The financial impact of the coronavirus pandemic has hit different businesses, different families and different industries at different times over the past five months, and the toll will certainly continue well into the foreseeable future.
For the University of Nebraska athletic department, the grim picture began to crystallize last week with the Big Ten's postponement of the fall football season. The projected revenue hit for the NU athletic department is north of $100 million, its leader Bill Moos reiterated in a wide-ranging, hourlong interview with the Journal Star on Thursday afternoon.
Moos confirmed that at this point he does not foresee any of the school's 24 varsity sports being cut. Of course, that equation changes if the pandemic affects revenues for more than the next few months. Even so, the department is likely to see major impacts on staffing levels and a variety of other cost-cutting measures begin to be put in place soon, perhaps as early as the end of this week.
"We have to be fiscally responsible and we need to protect as much of our reserve as we can," Moos said. "However, it was designed for a rainy day, and it's as rainy as I've ever seen it."
These are difficult days even for an enterprise such as NU athletics, which had one of the finest pictures of health even among a landscape of power conference programs flush with capital as little as six months ago.
The pandemic has swiftly and ruthlessly changed that conversation, however, as television inventory disappears with the cancellation and postponement of events, the lack of tickets and concessions to sell and the effects felt on the donor base, as well.
Moos complimented Husker fans and said that in a survey that closes Friday sent to football season ticket holders, somewhere around 20% opted to simply convert their ticket deposits into full donations and roughly 60% opted to have their payments rolled over to 2021, meaning only about 20% asked for full refunds.
"Our fans, I can't say enough about them," Moos said. "They're hungry for Husker football, but they're also very understanding. There are a good many who have said, 'Just keep our ticket money, just keep the donor seating money. You need the help more than ever. Don't refund it.'"
Still, the crater left by the postponement of football season will be felt across the 300-plus employee department. In June, NU eliminated 17 full-time positions and enacted a 10% budget decrease for the 2021 fiscal year, which began July 1. That, Moos said recently, was anticipating a $12-15 million hit. Now, the number is expected to be more than six times that high.
"We've got this (football training facility project) out here, we've got all these things, but we have to be cautious," said Moos. "I can't run this athletic department business as usual when we're going to lose $100 million."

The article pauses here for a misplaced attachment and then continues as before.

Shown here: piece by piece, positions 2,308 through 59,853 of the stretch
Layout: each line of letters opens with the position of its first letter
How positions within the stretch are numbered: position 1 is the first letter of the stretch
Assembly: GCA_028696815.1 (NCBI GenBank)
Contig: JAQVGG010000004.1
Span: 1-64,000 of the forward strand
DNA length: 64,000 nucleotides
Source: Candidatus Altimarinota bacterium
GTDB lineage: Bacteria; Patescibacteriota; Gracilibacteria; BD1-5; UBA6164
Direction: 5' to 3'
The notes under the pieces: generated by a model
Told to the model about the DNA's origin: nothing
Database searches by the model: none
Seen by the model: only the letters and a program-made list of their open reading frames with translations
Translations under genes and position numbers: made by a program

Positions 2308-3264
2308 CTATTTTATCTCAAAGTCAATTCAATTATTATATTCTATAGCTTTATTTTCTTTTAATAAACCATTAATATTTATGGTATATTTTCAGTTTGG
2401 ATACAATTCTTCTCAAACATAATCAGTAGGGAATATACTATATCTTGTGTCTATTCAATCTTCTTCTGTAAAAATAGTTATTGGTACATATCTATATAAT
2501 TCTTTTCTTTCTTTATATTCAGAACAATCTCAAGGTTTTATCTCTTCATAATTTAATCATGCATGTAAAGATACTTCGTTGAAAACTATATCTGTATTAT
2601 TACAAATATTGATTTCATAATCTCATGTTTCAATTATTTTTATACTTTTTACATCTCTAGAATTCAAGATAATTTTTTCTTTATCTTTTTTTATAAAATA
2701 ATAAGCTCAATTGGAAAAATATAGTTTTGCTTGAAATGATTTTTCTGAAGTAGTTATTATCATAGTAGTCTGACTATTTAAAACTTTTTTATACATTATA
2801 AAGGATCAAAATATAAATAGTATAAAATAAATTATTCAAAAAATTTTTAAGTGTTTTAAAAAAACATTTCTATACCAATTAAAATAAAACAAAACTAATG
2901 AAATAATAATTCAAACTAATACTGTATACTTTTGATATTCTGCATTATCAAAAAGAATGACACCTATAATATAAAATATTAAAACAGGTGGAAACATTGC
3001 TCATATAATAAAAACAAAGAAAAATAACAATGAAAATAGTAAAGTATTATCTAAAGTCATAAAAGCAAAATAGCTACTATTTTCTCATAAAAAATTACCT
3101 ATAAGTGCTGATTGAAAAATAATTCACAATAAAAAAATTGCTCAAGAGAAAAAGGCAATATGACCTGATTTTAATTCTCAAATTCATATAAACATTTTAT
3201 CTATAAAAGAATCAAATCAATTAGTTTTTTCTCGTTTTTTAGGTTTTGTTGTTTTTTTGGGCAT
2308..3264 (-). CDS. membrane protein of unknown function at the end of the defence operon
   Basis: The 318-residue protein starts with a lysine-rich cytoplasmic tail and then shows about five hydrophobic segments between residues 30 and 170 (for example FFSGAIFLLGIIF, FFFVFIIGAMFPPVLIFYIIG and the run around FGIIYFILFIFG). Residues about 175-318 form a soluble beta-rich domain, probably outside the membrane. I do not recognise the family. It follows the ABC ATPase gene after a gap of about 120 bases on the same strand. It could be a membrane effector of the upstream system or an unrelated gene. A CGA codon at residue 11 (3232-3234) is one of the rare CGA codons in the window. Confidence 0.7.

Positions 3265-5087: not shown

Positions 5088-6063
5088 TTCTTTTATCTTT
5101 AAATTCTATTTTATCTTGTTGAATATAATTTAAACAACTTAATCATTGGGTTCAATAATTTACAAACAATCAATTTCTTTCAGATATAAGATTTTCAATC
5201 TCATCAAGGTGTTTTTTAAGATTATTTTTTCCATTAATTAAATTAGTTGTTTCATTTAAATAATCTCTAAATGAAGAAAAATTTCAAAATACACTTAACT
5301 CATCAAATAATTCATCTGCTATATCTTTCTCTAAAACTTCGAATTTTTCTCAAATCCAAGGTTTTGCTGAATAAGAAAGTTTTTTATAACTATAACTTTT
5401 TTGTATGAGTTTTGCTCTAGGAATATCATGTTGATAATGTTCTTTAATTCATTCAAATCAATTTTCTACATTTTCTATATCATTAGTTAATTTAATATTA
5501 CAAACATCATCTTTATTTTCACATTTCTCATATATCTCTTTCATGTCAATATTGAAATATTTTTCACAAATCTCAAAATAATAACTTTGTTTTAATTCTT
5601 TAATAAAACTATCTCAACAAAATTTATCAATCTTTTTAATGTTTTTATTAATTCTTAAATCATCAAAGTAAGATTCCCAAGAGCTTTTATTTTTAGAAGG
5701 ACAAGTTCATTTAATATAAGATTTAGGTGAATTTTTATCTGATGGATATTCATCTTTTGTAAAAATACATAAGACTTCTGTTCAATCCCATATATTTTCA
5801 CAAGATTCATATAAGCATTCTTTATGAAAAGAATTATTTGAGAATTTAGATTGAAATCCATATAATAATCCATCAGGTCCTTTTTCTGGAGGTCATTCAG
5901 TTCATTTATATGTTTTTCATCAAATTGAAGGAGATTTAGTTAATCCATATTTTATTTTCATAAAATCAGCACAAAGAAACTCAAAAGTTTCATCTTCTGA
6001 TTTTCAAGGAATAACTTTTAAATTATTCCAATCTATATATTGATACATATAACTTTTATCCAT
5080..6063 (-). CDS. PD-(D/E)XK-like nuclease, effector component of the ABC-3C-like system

Speaking of the football facility, Moos said the design phase is still ongoing, but the beginning of construction will remain "paused." When might it start? "Later rather than sooner," Moos said. It could potentially begin over the winter, but a one-year delay is also possible. That's because the track team needs a place to work out and the original plan — construction was set to begin in June — allowed enough time for a track to be built on Innovation Campus by the spring. It's possible NU will try to follow the same schedule, but just pushed back by a year.
That could hardly have been imagined back in late September when the project was first announced. In a refrain heard and felt by many around the country and around the world in recent months, Moos shook his head as he considered how thoroughly the pandemic has altered the picture.
"Hell, I've been in this for 40 years and I've been an AD for 28, and the job is just different," Moos said. "I think I made 290 public appearances the first 20 months, and they weren't all in Lincoln and Omaha. You'd get in the car and go to Scottsbluff and Valentine and Alliance. I love doing that.
"I haven't had a coat and tie on since March. But (in recent months) the job consists of the Big Ten stuff, two hours every morning, and then trying to navigate this thing."
Moos said a year ago right about now, he thought the overall shape of the athletic department was on the rise. He was trying to do things to keep that good feeling by telling the entire staff that they could eat at the training table as part of his budget. He also had monthly mentor luncheons that he said drew attendees from all corners of the department, from assistant coaches to sponsorship and media employees to concessions, equipment and other areas.
“People were feeling good," Moos said. "Hey, maybe you’re happy with where you’re at, but if you want to grow and learn, you can. It was the highest morale this place maybe has seen since the national championships. … It was super. People were feeling good and we’re getting it back and hey, all right! And then bam. All this.
"I'm working harder than I've ever worked. And I've worked hard, but this is tough."
At first, Nebraska hoped it would have all seven home games. Then, after the league in July canceled nonconference competition, it was five. Moos said realistically he was holding out hope for 50% capacity at Memorial Stadium, but his team was modeling the financial ramifications of every conceivable scenario.
"It's just like a piece of bread; you're pulling pieces off and pretty soon you've just got the crust left," he said.
Contact the writer at firstname.lastname@example.org or 402-473-7439. On Twitter @HuskerExtraPG.
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